The Choice Is All Yours

Alt: A doodle holding an empty seltzer can laments, “What the heck do I do with this empty can do I throw it away or eat it or make a space ship out of it is it my pet now do I teach it language I’m not ready to be a parent how do I pay for their college somebody help I need an adult this can is my nightmare yet I am still awake when will it stop please save me I’m shook.” “Just recycle it, yo!” says a second doodle, gesturing towards a recycling bin, labeled “Single Stream.”

Have you ever considered how many choices you make each day? From the moment you wake up, you’re making choices large and small (starting, perhaps, with whether or not to snooze your alarm!).

As health communicators, our job is to make it easier for people to make healthy choices. And the way we offer those choices can influence the decisions people make — this, dear readers, is called choice architecture.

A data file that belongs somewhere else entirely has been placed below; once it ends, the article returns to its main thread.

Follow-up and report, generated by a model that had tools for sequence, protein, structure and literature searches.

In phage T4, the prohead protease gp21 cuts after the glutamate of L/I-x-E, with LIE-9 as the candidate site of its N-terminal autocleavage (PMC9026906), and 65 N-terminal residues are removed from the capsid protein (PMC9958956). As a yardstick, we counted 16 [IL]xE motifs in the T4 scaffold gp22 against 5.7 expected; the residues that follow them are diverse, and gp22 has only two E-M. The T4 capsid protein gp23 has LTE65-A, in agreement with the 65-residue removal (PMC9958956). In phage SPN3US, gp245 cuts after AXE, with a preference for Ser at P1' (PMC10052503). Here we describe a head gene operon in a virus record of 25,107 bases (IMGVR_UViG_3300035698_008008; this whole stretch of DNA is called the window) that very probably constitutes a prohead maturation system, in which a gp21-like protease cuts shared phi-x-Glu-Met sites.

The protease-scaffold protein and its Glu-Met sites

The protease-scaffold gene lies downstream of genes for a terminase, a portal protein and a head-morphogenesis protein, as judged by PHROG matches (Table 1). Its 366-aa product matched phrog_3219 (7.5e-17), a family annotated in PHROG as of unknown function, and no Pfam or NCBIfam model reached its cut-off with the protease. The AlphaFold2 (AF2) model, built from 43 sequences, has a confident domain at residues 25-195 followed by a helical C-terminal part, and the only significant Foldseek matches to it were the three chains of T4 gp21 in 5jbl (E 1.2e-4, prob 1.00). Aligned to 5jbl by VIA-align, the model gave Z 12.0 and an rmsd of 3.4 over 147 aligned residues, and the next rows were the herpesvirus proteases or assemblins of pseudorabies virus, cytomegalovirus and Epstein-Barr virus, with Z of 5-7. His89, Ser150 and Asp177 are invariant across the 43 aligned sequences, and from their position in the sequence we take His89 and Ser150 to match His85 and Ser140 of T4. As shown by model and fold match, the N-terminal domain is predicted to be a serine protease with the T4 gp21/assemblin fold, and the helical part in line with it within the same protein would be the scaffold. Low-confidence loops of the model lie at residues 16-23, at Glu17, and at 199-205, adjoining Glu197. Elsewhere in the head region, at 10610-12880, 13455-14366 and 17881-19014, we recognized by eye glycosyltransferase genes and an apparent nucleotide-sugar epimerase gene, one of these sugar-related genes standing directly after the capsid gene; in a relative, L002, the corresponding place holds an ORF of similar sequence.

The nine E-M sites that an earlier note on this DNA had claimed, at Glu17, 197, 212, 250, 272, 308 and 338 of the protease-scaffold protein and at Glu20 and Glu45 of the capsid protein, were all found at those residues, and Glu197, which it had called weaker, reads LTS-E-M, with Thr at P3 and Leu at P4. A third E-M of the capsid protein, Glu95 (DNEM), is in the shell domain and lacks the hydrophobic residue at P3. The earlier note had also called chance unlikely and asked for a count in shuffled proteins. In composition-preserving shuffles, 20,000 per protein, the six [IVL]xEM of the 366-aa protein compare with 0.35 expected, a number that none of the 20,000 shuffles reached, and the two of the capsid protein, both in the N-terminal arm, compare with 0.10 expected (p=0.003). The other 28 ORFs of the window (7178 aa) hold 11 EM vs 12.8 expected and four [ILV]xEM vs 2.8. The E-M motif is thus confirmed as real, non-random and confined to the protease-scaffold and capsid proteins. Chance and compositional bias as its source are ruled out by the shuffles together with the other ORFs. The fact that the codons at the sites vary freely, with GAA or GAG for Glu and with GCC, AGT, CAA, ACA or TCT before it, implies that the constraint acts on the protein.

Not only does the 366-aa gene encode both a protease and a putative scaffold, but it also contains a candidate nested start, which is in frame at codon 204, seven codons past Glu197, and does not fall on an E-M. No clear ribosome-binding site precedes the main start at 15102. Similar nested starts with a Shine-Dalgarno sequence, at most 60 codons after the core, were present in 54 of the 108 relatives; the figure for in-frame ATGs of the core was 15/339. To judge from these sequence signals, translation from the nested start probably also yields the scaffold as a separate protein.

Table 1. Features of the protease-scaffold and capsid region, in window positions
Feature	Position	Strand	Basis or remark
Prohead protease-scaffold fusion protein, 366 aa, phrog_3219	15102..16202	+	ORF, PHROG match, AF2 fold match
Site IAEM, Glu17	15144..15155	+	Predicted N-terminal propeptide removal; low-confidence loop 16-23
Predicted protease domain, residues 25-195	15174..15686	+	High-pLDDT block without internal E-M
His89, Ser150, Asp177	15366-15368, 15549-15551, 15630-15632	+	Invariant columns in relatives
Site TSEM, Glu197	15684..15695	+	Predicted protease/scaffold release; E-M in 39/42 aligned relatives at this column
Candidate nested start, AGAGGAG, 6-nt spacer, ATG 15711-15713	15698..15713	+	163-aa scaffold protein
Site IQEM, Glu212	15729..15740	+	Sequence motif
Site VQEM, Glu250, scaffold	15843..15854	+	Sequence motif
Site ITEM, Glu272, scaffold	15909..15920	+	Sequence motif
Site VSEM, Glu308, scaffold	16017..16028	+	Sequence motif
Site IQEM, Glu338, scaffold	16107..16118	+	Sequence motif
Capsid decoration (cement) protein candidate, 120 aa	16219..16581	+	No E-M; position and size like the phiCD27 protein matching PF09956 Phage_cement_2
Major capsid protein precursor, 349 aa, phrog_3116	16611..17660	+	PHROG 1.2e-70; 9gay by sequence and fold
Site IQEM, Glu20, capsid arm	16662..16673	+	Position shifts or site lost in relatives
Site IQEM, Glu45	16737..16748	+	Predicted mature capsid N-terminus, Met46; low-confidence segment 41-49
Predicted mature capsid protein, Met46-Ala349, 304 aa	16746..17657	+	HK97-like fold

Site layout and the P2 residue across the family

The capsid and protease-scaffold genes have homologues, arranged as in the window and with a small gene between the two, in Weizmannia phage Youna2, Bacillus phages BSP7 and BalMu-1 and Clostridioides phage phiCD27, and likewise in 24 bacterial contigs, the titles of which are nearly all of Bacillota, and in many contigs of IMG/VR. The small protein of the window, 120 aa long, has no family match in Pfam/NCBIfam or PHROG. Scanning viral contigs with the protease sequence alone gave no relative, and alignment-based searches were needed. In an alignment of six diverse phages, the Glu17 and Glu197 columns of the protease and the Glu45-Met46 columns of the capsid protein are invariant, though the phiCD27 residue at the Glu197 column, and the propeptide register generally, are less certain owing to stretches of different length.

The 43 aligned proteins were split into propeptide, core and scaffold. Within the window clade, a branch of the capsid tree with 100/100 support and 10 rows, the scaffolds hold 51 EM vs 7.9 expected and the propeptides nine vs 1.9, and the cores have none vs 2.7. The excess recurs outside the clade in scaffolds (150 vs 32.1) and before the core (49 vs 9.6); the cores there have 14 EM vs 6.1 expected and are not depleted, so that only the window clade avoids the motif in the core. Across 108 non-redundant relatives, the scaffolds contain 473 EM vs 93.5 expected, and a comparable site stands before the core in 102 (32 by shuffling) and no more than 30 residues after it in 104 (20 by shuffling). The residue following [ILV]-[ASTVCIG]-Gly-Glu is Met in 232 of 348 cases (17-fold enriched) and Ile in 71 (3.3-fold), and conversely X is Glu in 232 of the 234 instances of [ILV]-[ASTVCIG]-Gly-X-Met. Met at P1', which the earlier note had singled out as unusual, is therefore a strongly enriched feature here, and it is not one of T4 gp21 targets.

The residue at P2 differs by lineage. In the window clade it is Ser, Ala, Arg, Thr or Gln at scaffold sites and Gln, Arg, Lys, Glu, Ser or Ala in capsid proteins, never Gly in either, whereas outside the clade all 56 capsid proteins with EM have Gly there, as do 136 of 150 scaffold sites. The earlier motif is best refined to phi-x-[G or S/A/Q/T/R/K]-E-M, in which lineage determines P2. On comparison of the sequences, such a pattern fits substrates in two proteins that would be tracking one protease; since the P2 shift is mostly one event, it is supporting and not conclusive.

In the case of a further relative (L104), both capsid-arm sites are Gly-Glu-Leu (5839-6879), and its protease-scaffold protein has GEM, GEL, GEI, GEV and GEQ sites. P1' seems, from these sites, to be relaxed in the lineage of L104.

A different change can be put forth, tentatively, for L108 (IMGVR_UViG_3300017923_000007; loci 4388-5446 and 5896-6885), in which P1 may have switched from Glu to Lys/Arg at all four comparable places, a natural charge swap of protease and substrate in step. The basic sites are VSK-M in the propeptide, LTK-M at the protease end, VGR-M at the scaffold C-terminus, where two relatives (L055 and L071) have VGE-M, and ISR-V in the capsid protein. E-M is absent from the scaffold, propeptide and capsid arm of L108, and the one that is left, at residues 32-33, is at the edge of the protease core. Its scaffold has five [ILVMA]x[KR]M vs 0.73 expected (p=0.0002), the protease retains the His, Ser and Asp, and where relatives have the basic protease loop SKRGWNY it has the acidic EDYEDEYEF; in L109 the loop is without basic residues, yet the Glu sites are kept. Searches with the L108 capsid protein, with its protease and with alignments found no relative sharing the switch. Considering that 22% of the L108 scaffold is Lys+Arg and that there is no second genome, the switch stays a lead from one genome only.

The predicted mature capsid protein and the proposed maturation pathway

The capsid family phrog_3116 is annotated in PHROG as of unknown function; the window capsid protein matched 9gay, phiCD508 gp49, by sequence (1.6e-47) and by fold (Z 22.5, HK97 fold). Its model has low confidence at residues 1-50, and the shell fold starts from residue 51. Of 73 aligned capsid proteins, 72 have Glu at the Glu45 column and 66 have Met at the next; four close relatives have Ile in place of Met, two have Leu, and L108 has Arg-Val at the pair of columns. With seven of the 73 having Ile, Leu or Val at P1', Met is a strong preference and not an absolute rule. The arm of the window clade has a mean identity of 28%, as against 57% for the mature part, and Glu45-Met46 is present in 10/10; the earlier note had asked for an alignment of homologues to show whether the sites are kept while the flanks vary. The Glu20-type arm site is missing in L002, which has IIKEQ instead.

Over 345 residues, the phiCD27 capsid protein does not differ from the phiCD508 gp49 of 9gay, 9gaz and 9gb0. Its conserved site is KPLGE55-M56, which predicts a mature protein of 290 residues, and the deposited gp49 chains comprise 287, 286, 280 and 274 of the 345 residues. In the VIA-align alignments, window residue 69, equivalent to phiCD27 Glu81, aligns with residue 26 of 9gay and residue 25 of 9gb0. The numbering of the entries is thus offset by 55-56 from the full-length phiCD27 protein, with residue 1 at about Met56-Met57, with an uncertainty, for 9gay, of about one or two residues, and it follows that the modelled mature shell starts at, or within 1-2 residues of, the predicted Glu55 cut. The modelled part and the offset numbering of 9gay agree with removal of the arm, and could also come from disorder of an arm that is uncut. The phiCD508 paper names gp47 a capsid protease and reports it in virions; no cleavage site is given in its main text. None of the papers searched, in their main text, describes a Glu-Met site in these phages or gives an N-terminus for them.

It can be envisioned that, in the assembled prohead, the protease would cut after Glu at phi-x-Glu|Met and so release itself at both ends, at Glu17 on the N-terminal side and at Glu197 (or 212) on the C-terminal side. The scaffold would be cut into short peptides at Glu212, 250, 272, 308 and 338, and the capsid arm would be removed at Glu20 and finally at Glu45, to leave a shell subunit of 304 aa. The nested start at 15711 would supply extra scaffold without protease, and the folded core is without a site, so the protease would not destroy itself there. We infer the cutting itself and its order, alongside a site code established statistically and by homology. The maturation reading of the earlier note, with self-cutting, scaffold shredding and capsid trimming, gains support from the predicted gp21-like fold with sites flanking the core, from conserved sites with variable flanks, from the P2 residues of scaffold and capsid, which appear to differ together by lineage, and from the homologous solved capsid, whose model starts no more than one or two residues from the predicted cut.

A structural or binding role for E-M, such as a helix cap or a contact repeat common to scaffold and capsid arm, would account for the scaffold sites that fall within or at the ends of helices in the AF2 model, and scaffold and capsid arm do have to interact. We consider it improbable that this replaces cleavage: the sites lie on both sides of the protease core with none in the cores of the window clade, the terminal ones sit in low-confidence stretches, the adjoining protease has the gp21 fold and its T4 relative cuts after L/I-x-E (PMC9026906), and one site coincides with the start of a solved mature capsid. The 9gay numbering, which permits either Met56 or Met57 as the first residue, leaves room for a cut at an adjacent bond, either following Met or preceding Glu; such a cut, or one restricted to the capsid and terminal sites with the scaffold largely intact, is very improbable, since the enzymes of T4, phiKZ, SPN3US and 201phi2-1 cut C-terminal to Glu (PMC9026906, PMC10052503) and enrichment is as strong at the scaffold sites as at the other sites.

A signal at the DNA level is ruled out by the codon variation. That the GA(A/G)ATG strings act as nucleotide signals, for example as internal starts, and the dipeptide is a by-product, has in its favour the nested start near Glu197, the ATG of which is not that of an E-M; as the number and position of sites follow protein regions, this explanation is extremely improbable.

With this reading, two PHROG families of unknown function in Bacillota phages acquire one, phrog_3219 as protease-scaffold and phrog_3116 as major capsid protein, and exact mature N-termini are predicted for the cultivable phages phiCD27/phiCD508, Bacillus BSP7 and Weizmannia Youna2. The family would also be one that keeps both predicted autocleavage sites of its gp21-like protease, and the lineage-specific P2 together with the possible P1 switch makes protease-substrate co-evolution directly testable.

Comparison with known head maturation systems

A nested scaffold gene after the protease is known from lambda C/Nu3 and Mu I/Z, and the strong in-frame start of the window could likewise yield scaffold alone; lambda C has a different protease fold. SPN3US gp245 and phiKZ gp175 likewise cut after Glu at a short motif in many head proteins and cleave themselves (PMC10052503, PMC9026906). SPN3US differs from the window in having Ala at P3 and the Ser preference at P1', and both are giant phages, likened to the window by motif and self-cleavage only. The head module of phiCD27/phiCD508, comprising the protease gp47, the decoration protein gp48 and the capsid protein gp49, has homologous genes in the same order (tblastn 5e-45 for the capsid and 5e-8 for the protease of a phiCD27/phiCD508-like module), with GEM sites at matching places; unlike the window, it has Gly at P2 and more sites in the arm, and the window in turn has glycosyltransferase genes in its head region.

Let’s look at an example. Jane might be more likely to recycle her empty can of seltzer instead of throwing it out if there’s a recycling bin next to the trash can. She might be even more likely to recycle if the bin has a label with examples of recyclable items! The choice Jane is making is how to dispose of her can. The choice architecture is everything from the kinds of receptacles available to where they’re located — and even how often they’re emptied.

Smart choice architecture can have a positive impact on health. Consider organ donation: studies have shown that countries that automatically opt people in to their organ donation program have much higher donation rates than those that require people to take the extra step of signing up on their own.

One way that health communicators can use the concept of choice architecture is by considering what action we want our audiences to take and creating tools or resources that make it easier for them to do so. For example, if you want someone to talk to their doctor about a health screening, give them a printable or mobile-friendly list of questions to ask.

The bottom line: Use the concept of choice architecture to help audiences make healthy choices — easily!

Tweet about it: What does “choice architecture” mean for #HealthLit? @CommunicateHlth explains:


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